Bali, Indonesia – bringing together the work of one of Bali’s most accomplished artists was a job cut out for a detective. It took years of investigation that involved digging through archives at museums in Europe and the U.S. and tracking down private collections equally scattered.
“It’s just tracking step by step, following the pieces of the puzzle,” said Soemantri Widagdo, the chief curator at Ubud’s Puri Lukisan Museum, host to an extraordinary exhibition of art by I Gusti Nyoman Lempad, much of which has not been seen in his birthplace of Ubud on Bali for generations.
It showcases mostly pre-World War II drawings that made their way overseas in the hands of art collectors like Margaret Mead, an American cultural anthropologist, and Gregory Bateson, a British anthropologist and social scientist. In doing so, it tells the story of a man who reinvented himself late in life and helped to spread tales about Balinese culture far beyond the island’s beaches and rice paddies.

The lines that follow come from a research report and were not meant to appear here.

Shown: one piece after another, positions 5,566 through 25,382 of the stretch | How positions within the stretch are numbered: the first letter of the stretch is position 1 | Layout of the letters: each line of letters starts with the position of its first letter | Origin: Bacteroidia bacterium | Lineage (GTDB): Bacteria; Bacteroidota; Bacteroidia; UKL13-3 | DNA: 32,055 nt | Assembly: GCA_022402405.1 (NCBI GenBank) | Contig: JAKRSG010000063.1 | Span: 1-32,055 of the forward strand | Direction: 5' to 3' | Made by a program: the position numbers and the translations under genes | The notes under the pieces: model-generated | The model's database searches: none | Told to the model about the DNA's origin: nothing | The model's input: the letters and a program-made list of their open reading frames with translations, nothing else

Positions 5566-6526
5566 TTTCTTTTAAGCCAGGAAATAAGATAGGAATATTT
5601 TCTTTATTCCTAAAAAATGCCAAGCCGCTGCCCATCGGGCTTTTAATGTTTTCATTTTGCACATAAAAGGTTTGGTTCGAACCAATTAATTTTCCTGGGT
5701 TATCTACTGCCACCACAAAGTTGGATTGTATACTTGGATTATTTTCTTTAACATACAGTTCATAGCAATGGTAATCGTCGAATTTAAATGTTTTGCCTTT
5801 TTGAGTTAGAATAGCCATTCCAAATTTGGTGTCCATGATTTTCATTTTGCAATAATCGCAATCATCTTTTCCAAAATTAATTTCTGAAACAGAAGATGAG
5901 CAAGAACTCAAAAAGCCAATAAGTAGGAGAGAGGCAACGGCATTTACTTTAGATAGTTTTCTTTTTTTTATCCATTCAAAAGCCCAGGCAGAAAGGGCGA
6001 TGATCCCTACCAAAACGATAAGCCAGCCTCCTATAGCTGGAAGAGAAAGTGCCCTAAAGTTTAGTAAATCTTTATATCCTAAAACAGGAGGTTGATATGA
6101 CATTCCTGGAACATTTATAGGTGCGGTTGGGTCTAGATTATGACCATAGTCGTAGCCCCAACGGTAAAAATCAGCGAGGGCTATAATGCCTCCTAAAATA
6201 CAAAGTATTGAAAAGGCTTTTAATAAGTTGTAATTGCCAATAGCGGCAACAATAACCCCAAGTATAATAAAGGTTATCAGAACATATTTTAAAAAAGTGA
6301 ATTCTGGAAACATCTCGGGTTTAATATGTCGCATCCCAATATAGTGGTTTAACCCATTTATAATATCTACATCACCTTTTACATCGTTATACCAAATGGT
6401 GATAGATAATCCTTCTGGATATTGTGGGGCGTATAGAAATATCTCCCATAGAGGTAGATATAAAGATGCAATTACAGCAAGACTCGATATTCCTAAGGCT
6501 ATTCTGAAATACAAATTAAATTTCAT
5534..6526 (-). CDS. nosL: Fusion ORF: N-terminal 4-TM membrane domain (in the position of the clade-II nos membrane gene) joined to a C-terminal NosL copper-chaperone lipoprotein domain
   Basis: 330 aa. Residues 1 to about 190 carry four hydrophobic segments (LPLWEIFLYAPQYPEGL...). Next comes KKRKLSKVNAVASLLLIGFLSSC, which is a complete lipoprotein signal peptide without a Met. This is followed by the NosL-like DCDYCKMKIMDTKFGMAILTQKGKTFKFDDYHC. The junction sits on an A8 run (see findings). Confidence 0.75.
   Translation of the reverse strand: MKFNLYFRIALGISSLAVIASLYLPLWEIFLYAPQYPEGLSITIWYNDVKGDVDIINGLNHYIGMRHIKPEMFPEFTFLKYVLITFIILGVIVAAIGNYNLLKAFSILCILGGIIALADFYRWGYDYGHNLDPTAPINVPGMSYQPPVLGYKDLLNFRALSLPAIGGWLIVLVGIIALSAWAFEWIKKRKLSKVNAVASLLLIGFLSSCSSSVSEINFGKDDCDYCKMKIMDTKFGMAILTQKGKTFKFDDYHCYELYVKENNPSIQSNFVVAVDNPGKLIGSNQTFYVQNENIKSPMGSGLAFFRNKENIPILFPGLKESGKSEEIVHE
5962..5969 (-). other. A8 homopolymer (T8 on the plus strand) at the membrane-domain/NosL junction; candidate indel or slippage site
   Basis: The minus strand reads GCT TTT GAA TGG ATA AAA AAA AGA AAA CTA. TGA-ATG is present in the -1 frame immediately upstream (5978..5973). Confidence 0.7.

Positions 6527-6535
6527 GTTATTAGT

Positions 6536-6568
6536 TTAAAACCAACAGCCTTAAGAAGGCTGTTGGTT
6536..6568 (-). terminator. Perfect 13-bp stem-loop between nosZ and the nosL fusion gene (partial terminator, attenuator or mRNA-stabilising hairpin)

The artist known simply as Lempad was already well respected in Bali as a renaissance creator-–crossing into architecture, sculpture and cremation towers-–something known in Bali culture as an undagi. When he began sketching, he was already in his 60s, and most of his work was created for Westerners, not a local audience.
Most of the collection at the museum comes from the archives of the American Museum of Natural History and the U.S. Library of Congress. A 424-page book of more than 560 drawings was also produced to coincide with the exhibition and launched at its opening in late September.